Greetings from Arizona: Introducing Desmond Johns

It’s Michael once again, and it’s my great pleasure to introduce you all to our other Wild Forever Future Fellow, Desmond Johns.

We couldn’t be more grateful to have attracted two such incredibly capable and thoughtful people (you can learn more about Fabiola Lao in the previous blog entry), and we hope you enjoy getting to know them better over the next year.

Here’s Desmond.

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One month. I can’t believe it’s only been one month since I began my tenure as one of the first Wild Forever Future fellows with the Wilderness Society. One month that I’ve been working on passing wilderness and other special land designation legislation near Phoenix Arizona. In only one month I’ve immersed myself in getting to know the unique character of the proposed area, helping with the outreach effort, and learning the regional and local politics of land conservation. And yet I sense I’ve only dipped my toe into a pool that is a vast network with diverse histories.

I’m headed down this new career path because wild places are part of my identity. Hiking through mountains and splashing in streams were a huge part of my childhood in Colorado. Skiing alone through silent spruce forests and running from moose and mosquitos in Alaska are some of my best memories. Open space has become something my sanity requires. I think this need is what sent me scampering back to the Western United States after scoring a master’s degree in Oceanography in Maryland. I ran home to the West despite the fact that during my five years on the East Coast I had amazing experiences. I met many of my best friends, met my dude, and connected with my national heritage. I suppose nature called me back to the West. I think it’s called me again to shift away from research and towards conservation.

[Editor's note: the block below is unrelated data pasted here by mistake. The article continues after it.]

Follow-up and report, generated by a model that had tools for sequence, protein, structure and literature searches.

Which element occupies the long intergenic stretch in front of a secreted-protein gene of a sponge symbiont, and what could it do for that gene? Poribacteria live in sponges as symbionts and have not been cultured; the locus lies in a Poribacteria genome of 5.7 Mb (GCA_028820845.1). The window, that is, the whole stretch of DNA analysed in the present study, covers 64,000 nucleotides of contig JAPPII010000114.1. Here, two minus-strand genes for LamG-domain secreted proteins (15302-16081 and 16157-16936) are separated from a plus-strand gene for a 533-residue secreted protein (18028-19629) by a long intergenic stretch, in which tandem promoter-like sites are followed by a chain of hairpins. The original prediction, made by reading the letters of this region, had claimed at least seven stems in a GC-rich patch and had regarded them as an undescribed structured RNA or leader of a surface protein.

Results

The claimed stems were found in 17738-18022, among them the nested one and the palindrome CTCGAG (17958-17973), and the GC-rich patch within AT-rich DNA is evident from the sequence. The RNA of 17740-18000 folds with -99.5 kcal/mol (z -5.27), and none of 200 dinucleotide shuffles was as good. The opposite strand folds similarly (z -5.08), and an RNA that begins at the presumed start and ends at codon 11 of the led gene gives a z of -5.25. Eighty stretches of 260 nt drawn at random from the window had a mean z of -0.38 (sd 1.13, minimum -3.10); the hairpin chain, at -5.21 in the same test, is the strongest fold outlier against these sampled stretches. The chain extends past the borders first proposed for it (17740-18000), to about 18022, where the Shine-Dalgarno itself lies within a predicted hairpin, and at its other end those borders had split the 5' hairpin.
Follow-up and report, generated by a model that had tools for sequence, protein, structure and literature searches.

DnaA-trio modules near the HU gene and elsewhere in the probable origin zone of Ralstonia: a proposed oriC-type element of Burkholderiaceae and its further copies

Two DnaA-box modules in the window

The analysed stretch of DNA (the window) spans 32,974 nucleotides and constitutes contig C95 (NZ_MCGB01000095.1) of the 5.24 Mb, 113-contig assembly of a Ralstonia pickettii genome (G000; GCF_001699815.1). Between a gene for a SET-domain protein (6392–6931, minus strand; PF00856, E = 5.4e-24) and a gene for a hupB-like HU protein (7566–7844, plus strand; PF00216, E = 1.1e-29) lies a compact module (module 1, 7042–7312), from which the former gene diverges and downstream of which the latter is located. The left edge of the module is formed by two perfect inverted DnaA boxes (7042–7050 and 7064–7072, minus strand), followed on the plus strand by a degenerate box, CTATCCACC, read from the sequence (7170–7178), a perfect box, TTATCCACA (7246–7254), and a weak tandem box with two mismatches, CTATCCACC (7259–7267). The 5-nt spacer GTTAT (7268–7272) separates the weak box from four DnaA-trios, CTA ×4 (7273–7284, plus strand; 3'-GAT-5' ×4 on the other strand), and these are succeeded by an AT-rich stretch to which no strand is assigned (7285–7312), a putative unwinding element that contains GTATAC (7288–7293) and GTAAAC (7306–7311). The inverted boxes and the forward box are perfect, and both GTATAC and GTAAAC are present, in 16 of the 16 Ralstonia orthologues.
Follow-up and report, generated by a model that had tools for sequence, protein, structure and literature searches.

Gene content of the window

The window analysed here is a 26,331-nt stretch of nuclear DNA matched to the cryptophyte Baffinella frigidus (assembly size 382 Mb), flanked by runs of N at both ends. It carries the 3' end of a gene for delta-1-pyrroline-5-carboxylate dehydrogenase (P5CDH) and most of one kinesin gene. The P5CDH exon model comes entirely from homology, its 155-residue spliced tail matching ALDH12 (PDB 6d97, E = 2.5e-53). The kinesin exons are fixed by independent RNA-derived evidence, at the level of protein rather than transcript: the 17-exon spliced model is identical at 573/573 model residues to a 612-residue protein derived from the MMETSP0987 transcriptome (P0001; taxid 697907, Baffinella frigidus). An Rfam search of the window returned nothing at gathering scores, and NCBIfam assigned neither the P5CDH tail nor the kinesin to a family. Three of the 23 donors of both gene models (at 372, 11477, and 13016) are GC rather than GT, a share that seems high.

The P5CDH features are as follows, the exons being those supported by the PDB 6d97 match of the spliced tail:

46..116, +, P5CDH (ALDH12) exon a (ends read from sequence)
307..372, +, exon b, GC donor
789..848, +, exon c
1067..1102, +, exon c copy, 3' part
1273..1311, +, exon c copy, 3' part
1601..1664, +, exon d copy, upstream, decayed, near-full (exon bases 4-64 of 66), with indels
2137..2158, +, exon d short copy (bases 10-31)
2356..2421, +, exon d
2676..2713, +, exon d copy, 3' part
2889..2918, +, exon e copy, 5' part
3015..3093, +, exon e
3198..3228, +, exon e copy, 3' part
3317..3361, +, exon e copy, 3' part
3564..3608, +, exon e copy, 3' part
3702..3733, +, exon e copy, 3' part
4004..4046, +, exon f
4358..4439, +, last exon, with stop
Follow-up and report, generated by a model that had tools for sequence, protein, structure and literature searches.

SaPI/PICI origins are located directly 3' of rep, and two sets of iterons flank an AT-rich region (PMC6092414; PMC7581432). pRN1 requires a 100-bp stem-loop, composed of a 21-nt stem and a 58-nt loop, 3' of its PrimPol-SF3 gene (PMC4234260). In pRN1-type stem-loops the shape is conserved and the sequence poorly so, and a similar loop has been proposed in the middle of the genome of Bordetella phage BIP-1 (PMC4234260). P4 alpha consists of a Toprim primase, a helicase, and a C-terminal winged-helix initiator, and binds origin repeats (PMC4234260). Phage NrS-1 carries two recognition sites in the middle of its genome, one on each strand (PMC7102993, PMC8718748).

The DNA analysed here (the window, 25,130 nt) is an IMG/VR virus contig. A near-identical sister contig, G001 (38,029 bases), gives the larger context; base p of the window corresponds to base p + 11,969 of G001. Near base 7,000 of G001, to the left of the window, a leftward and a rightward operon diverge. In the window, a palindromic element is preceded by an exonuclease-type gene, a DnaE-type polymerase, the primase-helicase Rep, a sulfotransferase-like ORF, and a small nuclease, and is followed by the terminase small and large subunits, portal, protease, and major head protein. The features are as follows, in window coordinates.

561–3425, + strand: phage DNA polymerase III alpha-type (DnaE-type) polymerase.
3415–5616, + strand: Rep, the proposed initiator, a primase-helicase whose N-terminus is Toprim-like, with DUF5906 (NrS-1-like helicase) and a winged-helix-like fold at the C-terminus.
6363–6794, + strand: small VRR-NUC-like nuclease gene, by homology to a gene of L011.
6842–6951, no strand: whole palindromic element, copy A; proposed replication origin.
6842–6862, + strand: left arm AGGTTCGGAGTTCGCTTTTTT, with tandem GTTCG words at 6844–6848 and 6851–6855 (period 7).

I’m excited to be a fellow with The Wilderness Society because it’s now my job to work towards preserving the most wild and unique landscapes that have shaped Arizona’s heritage. Arizonan’s somehow balances a gung-ho attitude with utter pragmatism in their region shaped by rich ethnic diversity and boom and bust cycles, all perched in an extreme and stunningly beautiful environment. Since moving back West, I’ve started to think that open space in the Western U.S. is being developed faster than we realize. I suspect as a society we don’t expect to ever run out of room, and I fear that our stout and unique character may diminish if we lose touch with our natural heritage. I hope to help make real contributions to conserving some of the West’s most amazing wild places and can’t wait to tell you about the laughter and frustrations that I encounter along the way.

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